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A field of material particles vs. a field of markers

Zhigang Suo's picture

In continuum mechanics, it is a common practice to view a body as a field of material particles, so that the continuum mechanics is phrased as an algorithm to determine the function x(X, t), where X is the name of a particle, and x is the place of the particle at time t.

It seems to me this practice is only sensible if you can identify material particles. For example, when a crystal lattice undergoes an elastic deformation, we can regard a collection of atoms as a material particle. By contrast, if the crystal creeps and atoms diffuse around, the notion of material particles becomes questionable. In such a case, any collection of atoms will not stay together for very long for you to identify them collectively as one material particle.

In the literature of diffusion, there has been a long tradition to invoke markers, both in experiments and in theories. In this paper (Suo, a continuum theory that couples creep and self-diffusion, Journal of Applied Mechanics 71, 646-651, 2004), I describe the use of markers in formulating a theory. A preprint of this paper is attached with this post.

I'd be interested in your experience with markers or similar ideas.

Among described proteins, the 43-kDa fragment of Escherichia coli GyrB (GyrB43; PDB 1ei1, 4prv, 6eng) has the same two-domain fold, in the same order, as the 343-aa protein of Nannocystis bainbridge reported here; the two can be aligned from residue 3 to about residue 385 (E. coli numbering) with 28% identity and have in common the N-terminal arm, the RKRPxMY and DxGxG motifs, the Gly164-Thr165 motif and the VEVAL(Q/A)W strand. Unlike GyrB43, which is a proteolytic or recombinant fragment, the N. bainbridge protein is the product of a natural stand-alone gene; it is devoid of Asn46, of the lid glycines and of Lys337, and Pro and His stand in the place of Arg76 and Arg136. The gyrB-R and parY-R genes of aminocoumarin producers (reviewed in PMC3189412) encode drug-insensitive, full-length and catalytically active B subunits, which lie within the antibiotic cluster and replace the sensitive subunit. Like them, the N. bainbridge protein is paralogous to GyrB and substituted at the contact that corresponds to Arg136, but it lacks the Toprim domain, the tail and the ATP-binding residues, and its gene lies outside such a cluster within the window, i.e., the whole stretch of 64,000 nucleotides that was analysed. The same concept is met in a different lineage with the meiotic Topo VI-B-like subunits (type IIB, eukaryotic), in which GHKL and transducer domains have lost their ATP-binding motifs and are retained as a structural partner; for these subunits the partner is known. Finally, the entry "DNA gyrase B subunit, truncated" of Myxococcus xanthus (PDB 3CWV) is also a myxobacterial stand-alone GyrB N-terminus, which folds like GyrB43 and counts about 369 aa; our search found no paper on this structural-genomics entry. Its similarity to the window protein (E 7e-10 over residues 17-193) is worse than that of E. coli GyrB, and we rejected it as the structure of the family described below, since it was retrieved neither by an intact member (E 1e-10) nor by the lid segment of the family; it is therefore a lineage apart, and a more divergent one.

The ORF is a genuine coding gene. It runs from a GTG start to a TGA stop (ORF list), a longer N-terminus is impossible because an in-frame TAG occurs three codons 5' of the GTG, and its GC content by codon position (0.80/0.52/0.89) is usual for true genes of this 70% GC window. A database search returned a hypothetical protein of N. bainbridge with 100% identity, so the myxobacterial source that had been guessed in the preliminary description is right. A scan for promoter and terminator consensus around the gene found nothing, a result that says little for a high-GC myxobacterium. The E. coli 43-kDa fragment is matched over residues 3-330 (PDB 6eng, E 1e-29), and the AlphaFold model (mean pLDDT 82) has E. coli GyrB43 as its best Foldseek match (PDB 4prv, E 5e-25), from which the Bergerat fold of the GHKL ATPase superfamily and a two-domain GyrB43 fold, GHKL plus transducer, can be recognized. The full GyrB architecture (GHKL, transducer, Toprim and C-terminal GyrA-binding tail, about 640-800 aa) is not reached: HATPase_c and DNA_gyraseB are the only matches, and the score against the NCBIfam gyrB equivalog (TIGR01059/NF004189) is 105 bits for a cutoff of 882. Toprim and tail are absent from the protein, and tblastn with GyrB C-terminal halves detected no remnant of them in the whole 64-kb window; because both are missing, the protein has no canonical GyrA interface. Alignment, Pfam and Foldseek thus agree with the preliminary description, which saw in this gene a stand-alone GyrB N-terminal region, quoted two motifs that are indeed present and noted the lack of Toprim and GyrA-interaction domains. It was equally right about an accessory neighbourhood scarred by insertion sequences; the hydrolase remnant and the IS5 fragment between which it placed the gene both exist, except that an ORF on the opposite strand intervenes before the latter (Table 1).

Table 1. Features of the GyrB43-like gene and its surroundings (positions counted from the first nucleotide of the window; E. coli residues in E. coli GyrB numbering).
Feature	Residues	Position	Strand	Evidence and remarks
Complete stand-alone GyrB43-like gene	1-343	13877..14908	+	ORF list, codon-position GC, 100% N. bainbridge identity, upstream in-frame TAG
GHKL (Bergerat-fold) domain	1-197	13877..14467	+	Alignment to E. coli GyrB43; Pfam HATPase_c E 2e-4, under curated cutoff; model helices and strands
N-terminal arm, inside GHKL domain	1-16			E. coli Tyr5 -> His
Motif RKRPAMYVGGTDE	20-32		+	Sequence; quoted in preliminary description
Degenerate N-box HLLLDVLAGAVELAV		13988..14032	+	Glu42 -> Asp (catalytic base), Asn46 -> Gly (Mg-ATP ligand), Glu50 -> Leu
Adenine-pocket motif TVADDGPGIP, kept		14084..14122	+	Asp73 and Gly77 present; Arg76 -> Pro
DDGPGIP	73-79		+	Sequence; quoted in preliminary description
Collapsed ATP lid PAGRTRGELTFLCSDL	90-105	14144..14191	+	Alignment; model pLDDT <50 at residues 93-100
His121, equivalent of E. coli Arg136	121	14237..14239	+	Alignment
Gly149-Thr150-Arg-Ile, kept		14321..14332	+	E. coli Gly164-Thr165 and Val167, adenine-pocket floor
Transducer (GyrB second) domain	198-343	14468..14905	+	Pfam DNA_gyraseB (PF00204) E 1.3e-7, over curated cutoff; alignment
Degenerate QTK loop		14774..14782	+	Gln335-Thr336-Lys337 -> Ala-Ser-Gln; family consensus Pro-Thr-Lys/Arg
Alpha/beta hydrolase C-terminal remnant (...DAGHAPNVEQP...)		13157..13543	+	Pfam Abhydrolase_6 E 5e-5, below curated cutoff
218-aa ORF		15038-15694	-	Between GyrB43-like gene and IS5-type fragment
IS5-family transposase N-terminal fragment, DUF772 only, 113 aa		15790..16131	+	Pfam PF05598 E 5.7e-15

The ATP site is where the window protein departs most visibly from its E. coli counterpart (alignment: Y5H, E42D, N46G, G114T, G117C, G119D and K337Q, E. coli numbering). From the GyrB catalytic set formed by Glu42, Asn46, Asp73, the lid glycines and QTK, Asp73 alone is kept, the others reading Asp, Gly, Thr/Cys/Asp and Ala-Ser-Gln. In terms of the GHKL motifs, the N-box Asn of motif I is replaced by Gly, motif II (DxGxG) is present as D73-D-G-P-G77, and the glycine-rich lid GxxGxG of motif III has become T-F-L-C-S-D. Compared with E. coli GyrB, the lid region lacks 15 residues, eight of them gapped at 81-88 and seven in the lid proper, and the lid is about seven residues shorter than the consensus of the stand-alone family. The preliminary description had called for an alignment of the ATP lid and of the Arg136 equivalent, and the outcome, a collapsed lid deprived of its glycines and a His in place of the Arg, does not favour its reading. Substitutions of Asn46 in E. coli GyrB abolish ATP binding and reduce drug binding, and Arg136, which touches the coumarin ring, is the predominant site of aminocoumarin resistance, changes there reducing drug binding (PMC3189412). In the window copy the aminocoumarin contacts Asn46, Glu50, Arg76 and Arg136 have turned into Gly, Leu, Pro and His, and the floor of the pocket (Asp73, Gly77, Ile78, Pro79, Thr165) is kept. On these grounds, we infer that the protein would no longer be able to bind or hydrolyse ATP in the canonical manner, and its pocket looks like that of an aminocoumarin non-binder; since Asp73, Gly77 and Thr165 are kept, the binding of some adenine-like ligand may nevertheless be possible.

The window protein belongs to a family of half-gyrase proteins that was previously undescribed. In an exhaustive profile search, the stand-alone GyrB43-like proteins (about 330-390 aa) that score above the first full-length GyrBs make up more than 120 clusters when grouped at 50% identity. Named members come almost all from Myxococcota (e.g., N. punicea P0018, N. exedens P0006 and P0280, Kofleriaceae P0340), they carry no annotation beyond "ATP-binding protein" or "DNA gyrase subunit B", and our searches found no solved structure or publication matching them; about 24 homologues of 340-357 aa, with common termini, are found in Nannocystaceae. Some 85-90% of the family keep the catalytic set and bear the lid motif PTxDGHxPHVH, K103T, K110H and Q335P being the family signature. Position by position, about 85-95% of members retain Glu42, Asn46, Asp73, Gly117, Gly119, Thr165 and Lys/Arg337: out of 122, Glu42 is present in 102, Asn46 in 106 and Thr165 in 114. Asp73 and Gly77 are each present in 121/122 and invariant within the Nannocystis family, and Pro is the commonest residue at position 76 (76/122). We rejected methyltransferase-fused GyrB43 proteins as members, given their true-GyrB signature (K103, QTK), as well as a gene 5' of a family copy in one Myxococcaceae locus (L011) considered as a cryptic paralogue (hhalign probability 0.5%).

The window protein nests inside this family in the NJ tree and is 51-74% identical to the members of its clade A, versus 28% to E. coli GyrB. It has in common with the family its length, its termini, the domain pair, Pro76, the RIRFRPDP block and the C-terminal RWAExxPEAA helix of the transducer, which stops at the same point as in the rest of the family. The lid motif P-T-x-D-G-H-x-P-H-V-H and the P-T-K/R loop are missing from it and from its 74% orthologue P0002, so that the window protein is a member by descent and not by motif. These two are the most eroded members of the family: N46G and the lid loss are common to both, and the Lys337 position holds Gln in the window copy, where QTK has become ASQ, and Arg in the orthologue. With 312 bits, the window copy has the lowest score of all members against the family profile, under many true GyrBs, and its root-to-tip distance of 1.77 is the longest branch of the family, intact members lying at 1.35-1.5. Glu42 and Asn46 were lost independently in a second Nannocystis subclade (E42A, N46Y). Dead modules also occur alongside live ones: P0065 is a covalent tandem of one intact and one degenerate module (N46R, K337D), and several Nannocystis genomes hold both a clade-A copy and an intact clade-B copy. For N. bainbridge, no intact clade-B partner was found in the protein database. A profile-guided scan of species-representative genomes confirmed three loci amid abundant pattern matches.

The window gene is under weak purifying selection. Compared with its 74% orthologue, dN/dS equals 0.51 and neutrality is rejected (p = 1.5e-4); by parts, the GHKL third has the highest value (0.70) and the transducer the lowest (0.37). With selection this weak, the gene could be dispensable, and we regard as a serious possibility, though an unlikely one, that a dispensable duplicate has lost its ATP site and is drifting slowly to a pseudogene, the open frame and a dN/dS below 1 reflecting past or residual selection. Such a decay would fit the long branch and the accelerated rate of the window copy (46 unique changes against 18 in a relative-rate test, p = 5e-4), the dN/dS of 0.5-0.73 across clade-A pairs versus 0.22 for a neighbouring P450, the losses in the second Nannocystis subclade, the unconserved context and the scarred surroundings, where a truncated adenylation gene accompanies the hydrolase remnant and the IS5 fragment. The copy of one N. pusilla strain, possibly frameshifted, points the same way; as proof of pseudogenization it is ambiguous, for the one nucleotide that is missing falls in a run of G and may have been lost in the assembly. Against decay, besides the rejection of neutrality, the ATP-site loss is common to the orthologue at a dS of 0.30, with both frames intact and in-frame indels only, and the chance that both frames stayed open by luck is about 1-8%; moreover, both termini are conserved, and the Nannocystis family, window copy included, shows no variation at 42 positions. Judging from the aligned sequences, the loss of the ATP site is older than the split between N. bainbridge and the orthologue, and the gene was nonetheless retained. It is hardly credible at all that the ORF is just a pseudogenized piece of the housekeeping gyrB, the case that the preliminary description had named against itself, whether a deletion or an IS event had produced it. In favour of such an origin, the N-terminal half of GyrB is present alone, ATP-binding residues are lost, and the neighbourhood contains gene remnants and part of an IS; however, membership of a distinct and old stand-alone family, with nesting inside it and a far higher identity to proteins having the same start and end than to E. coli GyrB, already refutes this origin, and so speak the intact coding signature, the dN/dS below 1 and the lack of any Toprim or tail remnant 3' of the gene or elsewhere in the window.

Abstract-In a single-component material, a chemical potential gradient or an electron wind drives self-diffusion.  The diffusion flux may have a divergence, which deforms the material.  We formulate coupled differential equations for convection velocity and chemical potential.  When the diffusion flux is divergence-free, the theory decouples into Stokes's theory for creep and Herring's theory for self-diffusion.  A length emerges from the coupled theory to characterize the relative rate of diffusion and creep.  For a flow in a film driven by a stress gradient, creep dominates in thick films, and self-diffusion dominates in thin films.  Depending on the film thickness, either stress-driven creep or stress-driven diffusion prevails to counterbalance electromigration. The transition occurs when the film thickness is comparable to the characteristic length of the material. 

Introduction